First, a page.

The Upshot on Budget Trad Bows

Is my Ibex better than a $120 recurve? Yes, definitely yes. That’s like asking if a $100 Vortex Triumph binocular is better than a $1,700 Zeiss SFL. It’s not a fair fight. The real question is, how much better? 

Custom bows offer more than just performance benefits. You get to work with a craftsmen on choosing a bow’s length, woods, limb materials, and a specified draw weight at your draw length. The hand-made aspect and the materials is why custom bows cost more. 

But I wouldn’t recommend anyone buy a custom bow if they’re just getting started or if they don’t care about any of the above benefits. These readily available budget trad bows are plenty accurate to take hunting. I’d be completely comfortable taking the Tachyon or the Mountain Mesa in the woods this fall. In fact, I plan to hunt with the Tachyon. So if you want to try traditional archery, these bows are an ideal gateway. As long as you embrace the steep learning curve of learning to shoot and tune a trad bow, you can be successful with an inexpensive recurve.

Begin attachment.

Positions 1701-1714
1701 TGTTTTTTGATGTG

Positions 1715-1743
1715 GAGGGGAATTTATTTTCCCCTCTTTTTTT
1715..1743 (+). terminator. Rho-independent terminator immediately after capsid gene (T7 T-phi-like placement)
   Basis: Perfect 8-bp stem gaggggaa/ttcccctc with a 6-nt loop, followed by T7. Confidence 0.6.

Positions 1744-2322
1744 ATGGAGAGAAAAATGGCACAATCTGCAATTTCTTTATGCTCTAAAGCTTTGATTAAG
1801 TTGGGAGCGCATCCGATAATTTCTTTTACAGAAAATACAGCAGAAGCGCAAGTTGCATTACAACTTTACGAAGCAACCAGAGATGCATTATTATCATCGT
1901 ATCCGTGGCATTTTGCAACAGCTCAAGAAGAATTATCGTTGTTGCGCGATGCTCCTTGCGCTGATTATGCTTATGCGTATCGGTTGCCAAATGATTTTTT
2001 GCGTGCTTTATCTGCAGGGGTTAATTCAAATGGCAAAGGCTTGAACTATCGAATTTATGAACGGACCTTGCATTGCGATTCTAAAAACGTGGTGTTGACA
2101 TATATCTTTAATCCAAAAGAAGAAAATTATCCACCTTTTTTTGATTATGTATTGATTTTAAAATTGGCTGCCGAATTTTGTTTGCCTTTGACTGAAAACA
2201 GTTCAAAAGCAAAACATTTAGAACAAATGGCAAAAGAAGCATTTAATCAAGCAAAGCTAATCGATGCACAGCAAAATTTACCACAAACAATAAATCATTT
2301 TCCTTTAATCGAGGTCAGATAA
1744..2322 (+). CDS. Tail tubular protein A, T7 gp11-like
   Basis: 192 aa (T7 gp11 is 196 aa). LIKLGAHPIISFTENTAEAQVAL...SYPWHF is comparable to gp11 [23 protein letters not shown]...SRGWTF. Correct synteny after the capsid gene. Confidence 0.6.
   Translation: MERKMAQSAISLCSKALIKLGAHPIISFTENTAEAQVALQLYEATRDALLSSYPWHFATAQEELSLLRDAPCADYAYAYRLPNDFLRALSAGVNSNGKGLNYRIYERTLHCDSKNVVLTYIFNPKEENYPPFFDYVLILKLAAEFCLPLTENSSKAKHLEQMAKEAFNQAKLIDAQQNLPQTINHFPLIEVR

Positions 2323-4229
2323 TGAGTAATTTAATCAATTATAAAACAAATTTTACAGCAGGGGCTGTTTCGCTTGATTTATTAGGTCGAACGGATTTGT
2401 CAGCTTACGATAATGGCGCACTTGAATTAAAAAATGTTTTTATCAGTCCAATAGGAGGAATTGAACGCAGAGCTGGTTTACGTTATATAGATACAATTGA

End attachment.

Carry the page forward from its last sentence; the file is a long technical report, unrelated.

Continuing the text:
Scott Einsmann Avatar

Scott Einsmann

Executive Gear Editor

Scott Einsmann is Outdoor Life’s gear editor. He oversees the gear team’s editors and writers who are subject matter experts in bows, knives, hunting, fishing, backpacking, and more. He lives in Richmond, Virginia with his wife and two bird dogs.